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RE: libltdl examples

From: Bob Friesenhahn
Subject: RE: libltdl examples
Date: Fri, 30 Dec 2005 14:32:53 -0600 (CST)

On Fri, 30 Dec 2005, Eric Lemings wrote:
Do any of these use C++ as their primary language?  And
does libltdl
work the same even if the package is configured with

The main issues with C++ are platform limitations with C++ static
initialization and the usefulness of exporting symbols that
need to be
resolved as C language symbols so they are not subject to mangling.

What I'm really looking for is a good example of a package written in
C++ that uses libltdl to load libraries at run-time.  How they do it,
problems to watch out for, etc.

You use the term "libraries". Do you intend to load a "library" so it extends the available global symbol space, or do you intend to load a "module" and use libltdl to obtain the address of functions at run-time?

From the application's perspective, there is no difference if the
application is written in C or C++. From a module's perspective, there can be some differences.

To get around the problems you mention, I'm declaring exported symbols
in my C++ code with C linkage and I don't have any variables (so far)
in my dlopened libraries that require static initialization.

Normal variables should be correctly initialized regardless of C/C++. C++ static objects are a bit "iffy" on some platforms, and the framework to support C++ exceptions may also need to be initialized. If there is a problem with C++ exceptions, then the program may crash as soon as one is thrown.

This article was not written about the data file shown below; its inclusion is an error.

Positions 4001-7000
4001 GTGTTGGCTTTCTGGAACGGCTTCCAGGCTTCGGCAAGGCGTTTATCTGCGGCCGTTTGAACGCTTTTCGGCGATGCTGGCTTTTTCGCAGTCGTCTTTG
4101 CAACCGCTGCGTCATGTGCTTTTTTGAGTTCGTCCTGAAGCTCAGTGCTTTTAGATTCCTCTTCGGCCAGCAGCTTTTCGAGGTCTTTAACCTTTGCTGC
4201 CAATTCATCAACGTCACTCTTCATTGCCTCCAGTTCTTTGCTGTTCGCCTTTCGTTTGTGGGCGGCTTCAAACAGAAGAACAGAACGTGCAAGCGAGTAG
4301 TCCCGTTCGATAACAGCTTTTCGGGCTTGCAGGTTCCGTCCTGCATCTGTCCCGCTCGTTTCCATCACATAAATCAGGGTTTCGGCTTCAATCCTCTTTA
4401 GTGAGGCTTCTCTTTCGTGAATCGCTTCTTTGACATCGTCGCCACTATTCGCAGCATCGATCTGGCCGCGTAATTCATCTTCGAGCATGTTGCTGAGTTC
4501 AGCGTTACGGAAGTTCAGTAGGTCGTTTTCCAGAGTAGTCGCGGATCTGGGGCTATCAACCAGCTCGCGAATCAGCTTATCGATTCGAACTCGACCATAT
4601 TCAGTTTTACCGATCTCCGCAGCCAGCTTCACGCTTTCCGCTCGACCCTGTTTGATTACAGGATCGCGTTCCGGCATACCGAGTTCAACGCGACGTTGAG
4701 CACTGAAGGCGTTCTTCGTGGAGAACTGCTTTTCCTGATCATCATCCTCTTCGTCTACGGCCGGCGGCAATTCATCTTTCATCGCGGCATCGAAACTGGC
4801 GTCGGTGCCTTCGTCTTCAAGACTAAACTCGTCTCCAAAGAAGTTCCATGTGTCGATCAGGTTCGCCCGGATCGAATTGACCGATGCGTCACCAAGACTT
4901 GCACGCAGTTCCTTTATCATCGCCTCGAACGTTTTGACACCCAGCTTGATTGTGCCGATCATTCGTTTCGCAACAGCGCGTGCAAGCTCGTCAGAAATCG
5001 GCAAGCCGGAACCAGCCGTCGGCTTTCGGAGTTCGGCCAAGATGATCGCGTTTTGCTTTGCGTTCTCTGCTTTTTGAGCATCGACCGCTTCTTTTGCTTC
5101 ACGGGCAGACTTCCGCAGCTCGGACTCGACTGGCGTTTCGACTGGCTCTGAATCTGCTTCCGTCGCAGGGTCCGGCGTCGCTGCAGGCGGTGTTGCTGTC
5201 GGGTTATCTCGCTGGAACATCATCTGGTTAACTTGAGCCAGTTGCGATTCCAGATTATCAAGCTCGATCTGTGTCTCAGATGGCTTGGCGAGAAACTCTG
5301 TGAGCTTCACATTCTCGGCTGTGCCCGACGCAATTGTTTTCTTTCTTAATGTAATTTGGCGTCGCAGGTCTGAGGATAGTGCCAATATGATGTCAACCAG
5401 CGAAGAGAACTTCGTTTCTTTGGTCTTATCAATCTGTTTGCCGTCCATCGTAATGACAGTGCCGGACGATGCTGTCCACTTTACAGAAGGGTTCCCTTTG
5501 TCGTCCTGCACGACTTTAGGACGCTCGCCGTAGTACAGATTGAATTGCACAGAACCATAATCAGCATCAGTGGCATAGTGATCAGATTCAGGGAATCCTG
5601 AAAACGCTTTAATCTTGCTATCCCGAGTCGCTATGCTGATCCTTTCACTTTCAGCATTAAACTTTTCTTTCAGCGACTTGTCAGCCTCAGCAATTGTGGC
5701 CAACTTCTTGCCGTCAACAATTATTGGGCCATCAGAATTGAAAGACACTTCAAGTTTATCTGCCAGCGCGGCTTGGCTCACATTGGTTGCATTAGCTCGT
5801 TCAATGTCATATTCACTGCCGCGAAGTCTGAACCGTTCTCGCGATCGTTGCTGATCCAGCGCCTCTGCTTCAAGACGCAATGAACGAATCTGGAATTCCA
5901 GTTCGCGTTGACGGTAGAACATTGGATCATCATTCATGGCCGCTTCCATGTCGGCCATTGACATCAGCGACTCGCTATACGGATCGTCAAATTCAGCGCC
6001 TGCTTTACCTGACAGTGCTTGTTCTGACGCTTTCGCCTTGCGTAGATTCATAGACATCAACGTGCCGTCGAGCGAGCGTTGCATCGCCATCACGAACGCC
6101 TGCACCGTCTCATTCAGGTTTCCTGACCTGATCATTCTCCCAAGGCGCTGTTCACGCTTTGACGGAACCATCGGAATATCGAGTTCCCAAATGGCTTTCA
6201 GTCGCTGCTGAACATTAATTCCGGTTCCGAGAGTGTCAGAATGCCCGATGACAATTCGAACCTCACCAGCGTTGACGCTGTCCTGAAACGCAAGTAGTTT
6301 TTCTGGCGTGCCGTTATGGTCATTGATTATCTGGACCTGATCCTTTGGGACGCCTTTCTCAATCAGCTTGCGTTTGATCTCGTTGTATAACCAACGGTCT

Using libltdl is pretty easy. You can provide libltdl with a module search path and use a bare module name, or you can compute your own path and provide a full path (path to .la file is preferred) to libltdl. Rather than using libldtl to resolve many symbols, it may be easiest if a module interface is invoked to register its methods/objects with the program. In order to support graceful shutdown/unload you would want to have a module method which is invoked so that the module can release any resources it has (or unbind itself from the rest of the application) before the module is unloaded using libltdl.

Bob Friesenhahn
GraphicsMagick Maintainer,

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